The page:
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APA (6th Edition):

Elmeliegy, M. (2012). CNS Penetration of Tyrosine Kinase Inhibitors in Mouse Models. (Doctoral Dissertation). University of Tennessee Health Science Center. Retrieved from https://dc.uthsc.edu/dissertations/74

Chicago Manual of Style (16th Edition):

Elmeliegy, Mohamed. “CNS Penetration of Tyrosine Kinase Inhibitors in Mouse Models.” 2012. Doctoral Dissertation, University of Tennessee Health Science Center. Accessed April 16, 2021. https://dc.uthsc.edu/dissertations/74.

MLA Handbook (7th Edition):

Elmeliegy, Mohamed. “CNS Penetration of Tyrosine Kinase Inhibitors in Mouse Models.” 2012. Web. 16 Apr 2021.

Vancouver:

Elmeliegy M. CNS Penetration of Tyrosine Kinase Inhibitors in Mouse Models. [Internet] [Doctoral dissertation]. University of Tennessee Health Science Center; 2012. [cited 2021 Apr 16]. Available from: https://dc.uthsc.edu/dissertations/74.

Council of Science Editors:

Elmeliegy M. CNS Penetration of Tyrosine Kinase Inhibitors in Mouse Models. [Doctoral Dissertation]. University of Tennessee Health Science Center; 2012. Available from: https://dc.uthsc.edu/dissertations/74

2. Shen, Jun. Factors Influencing Topotecan CNS Penetration in Mouse Models.

Degree: PhD, Interdisciplinary Program, 2008, University of Tennessee Health Science Center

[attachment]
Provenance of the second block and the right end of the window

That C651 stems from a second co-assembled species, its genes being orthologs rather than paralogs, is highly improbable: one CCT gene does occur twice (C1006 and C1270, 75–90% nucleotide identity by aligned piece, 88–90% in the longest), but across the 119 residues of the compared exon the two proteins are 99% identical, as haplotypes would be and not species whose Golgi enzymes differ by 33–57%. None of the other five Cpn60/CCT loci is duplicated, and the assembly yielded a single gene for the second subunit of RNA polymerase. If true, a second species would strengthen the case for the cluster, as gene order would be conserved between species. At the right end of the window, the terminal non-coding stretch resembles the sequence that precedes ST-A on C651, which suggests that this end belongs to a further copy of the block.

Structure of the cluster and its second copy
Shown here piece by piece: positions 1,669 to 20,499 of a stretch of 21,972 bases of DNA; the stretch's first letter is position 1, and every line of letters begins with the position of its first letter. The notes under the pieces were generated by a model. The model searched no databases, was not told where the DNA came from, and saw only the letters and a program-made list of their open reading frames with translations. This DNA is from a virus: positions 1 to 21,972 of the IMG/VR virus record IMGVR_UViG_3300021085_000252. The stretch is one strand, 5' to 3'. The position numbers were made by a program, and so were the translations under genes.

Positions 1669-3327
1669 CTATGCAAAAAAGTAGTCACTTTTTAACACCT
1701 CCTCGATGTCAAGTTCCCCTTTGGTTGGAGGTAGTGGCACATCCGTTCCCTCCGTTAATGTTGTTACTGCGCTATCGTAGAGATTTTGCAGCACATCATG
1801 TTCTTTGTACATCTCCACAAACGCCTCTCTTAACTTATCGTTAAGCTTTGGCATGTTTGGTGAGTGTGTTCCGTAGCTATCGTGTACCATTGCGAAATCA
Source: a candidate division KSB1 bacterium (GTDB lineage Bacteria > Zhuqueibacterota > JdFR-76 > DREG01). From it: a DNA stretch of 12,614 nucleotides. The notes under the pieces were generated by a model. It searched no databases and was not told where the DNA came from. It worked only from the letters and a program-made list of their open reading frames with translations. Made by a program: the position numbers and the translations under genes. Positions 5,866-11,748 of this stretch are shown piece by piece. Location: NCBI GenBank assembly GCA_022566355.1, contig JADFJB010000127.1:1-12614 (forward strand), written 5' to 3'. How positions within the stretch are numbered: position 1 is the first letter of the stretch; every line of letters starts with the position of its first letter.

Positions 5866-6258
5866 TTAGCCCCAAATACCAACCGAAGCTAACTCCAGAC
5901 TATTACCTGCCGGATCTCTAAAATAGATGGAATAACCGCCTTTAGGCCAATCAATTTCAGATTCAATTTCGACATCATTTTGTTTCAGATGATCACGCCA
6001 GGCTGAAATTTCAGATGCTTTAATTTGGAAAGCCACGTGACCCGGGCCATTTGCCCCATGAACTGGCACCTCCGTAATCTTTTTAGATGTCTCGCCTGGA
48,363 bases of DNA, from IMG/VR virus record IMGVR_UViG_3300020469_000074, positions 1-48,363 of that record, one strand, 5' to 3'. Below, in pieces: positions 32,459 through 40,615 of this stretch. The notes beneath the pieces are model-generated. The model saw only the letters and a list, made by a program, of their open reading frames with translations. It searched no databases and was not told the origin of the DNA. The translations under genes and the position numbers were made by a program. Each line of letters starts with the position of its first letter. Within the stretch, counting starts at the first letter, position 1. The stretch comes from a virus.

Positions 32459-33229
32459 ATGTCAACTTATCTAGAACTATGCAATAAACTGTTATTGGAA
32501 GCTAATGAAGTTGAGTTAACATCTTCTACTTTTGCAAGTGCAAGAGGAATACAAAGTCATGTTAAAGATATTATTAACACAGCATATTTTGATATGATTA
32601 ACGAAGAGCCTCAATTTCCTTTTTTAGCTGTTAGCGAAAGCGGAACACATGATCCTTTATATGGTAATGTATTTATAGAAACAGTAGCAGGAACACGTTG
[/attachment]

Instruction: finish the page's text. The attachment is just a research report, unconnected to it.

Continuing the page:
Camptothecin analogs such as topotecan are currently tested in clinical trials for brain tumors. However the clinical outcome is far below the expectations, which are derived from the promising preclinical studies. This discrepancy could be partially attributed to the presence of two barrier systems in the brain, the blood brain barrier (BBB) and blood cerebrospinal fluid (CSF) barrier (BCB). Further investigations have demonstrated multiple ATP-binding cassette (ABC) transporters are present at the two barriers. Camptothecin analogs are well known substrates for several of the transporters. This work defined the role of two ABC transporters, Bcrp1 and P-gp in determination of topotecan CNS penetration in mouse models by using cerebral microdialysis. Microdialysis sampling of drugs in ventricular cerebrospinal fluid (vCSF) provides insight into drug penetration into the brain across the blood CSF barrier (BCB); however, this method has been reported primarily in larger animal species. The initial studies were designed to improve our existing surgical technique to implant a microdialysis cannula into the lateral ventricle to sample vCSF. The modifications done in these studies consisted of changes in the stereotaxic coordinates and insertion of the cannula at a 20° angle. Exact placement of the probe was confirmed using ultrasound (US), micro-computed tomography (CT), and histologic review of serial paraffin sections. Studies of topotecan CSF penetration in the FVB mouse using this modified approach determined that the vCSF to plasma AUC ratio of unbound topotecan lactone was greater than that previously reported using previous surgical technique. Results of studies from this lab have shown that topotecan has differential CNS penetration, and that vCSF topotecan penetration is greater than penetration into brain parenchymal extracellular fluid (ECF). We hypothesize Bcrp1 and P-gp together play a major role in regulation of topotecan CNS penetration. To further characterize the topotecan CNS transport mechanisms, topotecan penetration in two CNS compartments, vCSF and brain parenchymal ECF were determined in several knockout mouse models (Bcrp1(-/-), Mdr1a/b(-/-) and Bcrp1/Mdr1a/b(-/-) by adapting an intracerebral microdialysis technique. After an intravenous (i.v.) bolus dose of 4 mg/kg topotecan, unbound topotecan lactone vCSF penetration was defined by a vCSF to plasma area under the curve ratio (AUCu,vCSF/AUCu,plasma). The topotecan vCSF penetration (AUCu,ECF/AUCu,plasma) was significantly decreased in all three knockout models compared with wild type. The penetration into the brain parenchyma, defined by the ECF to plasma AUC ratio, was not changed in Bcrp1(-/-) but significantly increased in Bcrp1/Mdr1a/b(-/-). Pre-treatment with the EGFR tyrosine kinase inhibitor gefitinib (200 mg/kg) to inhibit Bcrp1 and P-gp transporters significantly decreased topotecan vCSF penetration but increased ECF penetration in FVB wild type. The topotecan lactone to carboxylate AUC ratio in vCSF (AUClactone,CSF/AUCcarboxylate,CSF)… Advisors/Committee Members: Clinton Stewart, Pharm.D..